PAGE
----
GSA: Changing printing habits could save government millions

Monday - 10/17/2011, 10:19am EDT

Steve Kempf, commissioner of the Federal Acquisition Service, GSA

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By Jack Moore
Federal News Radio

The federal government is leaving no stone unturned in its efforts to find savings, and it's looking in some interesting places.

For example, changing how federal employees print — the paper, the toner, even the font — could save the government hundreds of millions of dollars.

The General Services Administration calls it "PrintWise," a three-pronged initiative, which is part of the governmentwide penny-pinching effort, the Campaign to Cut Waste.

GSA recently awarded a blanket purchase agreement with 11 companies, including Lexmark, Xerox and Sharp, to help implement better federal printing habits.

But Steve Kempf, the commissioner of the Federal Acquisition Service at GSA told the Federal Drive with Tom Temin and Amy Morris that much of savings can be realized through changing agency culture.

"There's a lot of behavioral changes that agencies and all the people who work at them can make to drive some savings, even before you buy anything," Kempf said.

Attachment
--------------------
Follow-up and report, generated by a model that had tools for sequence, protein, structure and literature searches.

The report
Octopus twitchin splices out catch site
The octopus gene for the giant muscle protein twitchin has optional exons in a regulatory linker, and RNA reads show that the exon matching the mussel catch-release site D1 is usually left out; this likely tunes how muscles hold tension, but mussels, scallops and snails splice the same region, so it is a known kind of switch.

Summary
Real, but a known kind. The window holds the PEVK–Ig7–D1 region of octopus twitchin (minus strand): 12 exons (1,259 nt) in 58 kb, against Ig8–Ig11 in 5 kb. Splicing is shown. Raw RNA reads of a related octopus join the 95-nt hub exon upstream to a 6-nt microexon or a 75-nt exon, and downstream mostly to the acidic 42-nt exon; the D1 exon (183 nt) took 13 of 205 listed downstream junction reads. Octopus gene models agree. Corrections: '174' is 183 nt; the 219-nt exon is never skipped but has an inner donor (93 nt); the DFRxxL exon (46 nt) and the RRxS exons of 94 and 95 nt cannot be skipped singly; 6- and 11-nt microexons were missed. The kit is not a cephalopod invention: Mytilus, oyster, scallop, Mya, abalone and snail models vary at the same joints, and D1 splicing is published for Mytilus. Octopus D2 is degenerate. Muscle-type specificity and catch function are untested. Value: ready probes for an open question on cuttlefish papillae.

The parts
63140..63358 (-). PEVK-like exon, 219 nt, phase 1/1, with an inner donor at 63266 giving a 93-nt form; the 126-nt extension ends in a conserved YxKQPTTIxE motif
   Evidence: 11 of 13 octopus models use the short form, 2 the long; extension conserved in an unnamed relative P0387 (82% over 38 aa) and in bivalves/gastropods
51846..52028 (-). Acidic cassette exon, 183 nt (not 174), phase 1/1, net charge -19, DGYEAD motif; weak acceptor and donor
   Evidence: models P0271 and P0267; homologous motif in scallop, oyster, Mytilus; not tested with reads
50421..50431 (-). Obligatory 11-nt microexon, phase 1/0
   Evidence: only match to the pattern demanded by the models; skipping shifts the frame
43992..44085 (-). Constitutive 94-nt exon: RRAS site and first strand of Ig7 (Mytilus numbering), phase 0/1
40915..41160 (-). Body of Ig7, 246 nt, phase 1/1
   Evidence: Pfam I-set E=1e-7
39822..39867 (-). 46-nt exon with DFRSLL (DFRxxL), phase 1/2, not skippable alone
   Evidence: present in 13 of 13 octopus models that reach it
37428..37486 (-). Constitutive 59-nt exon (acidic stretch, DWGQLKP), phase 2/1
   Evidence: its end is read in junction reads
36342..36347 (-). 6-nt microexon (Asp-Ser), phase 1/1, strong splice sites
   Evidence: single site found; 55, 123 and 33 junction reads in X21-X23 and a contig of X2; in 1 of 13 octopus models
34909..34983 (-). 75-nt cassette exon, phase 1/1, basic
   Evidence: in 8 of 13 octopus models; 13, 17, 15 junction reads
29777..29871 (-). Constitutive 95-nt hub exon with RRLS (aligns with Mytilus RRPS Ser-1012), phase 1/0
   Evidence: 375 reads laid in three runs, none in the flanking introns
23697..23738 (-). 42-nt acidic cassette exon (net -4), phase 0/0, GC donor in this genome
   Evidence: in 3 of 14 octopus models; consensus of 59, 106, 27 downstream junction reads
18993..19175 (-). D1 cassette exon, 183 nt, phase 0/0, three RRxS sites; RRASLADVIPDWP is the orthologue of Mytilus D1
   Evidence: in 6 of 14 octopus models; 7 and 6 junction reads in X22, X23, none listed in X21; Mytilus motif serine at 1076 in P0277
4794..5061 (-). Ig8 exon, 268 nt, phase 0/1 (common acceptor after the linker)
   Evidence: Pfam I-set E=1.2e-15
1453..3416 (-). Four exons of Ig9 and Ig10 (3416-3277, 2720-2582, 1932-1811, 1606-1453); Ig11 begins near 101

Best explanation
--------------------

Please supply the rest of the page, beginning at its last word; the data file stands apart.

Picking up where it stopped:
In fact, just through simple measures, such as black-and-white and double-sided printing, as well as printing in "more efficient" fonts, the government could save as $330 million if adopted governmentwide, GSA says.

GSA is also conducting a "fleet assessment" of printing devices, Kempf said, to determine how many copiers, printers and other devices agencies actually need.

In its assessment, GSA found some agencies had bloated fleets, with one printer for nearly every employee. He said the more cost-efficient agencies had one printer for as many as eight to 15 employees.

The last step is "pulling the agencies into a real print management environment," he said, through better better acquisition of printing devices. The smarter — or wiser — buying requires agencies to look at the lifecycle costs of buying and managing a device, not just the initial price tag.

But even with more efficient devices, Kempf emphasized the importance of changing behaviors.

"You can buy better solutions all the time, but will the people use them?" he said."And will they use them effectively?"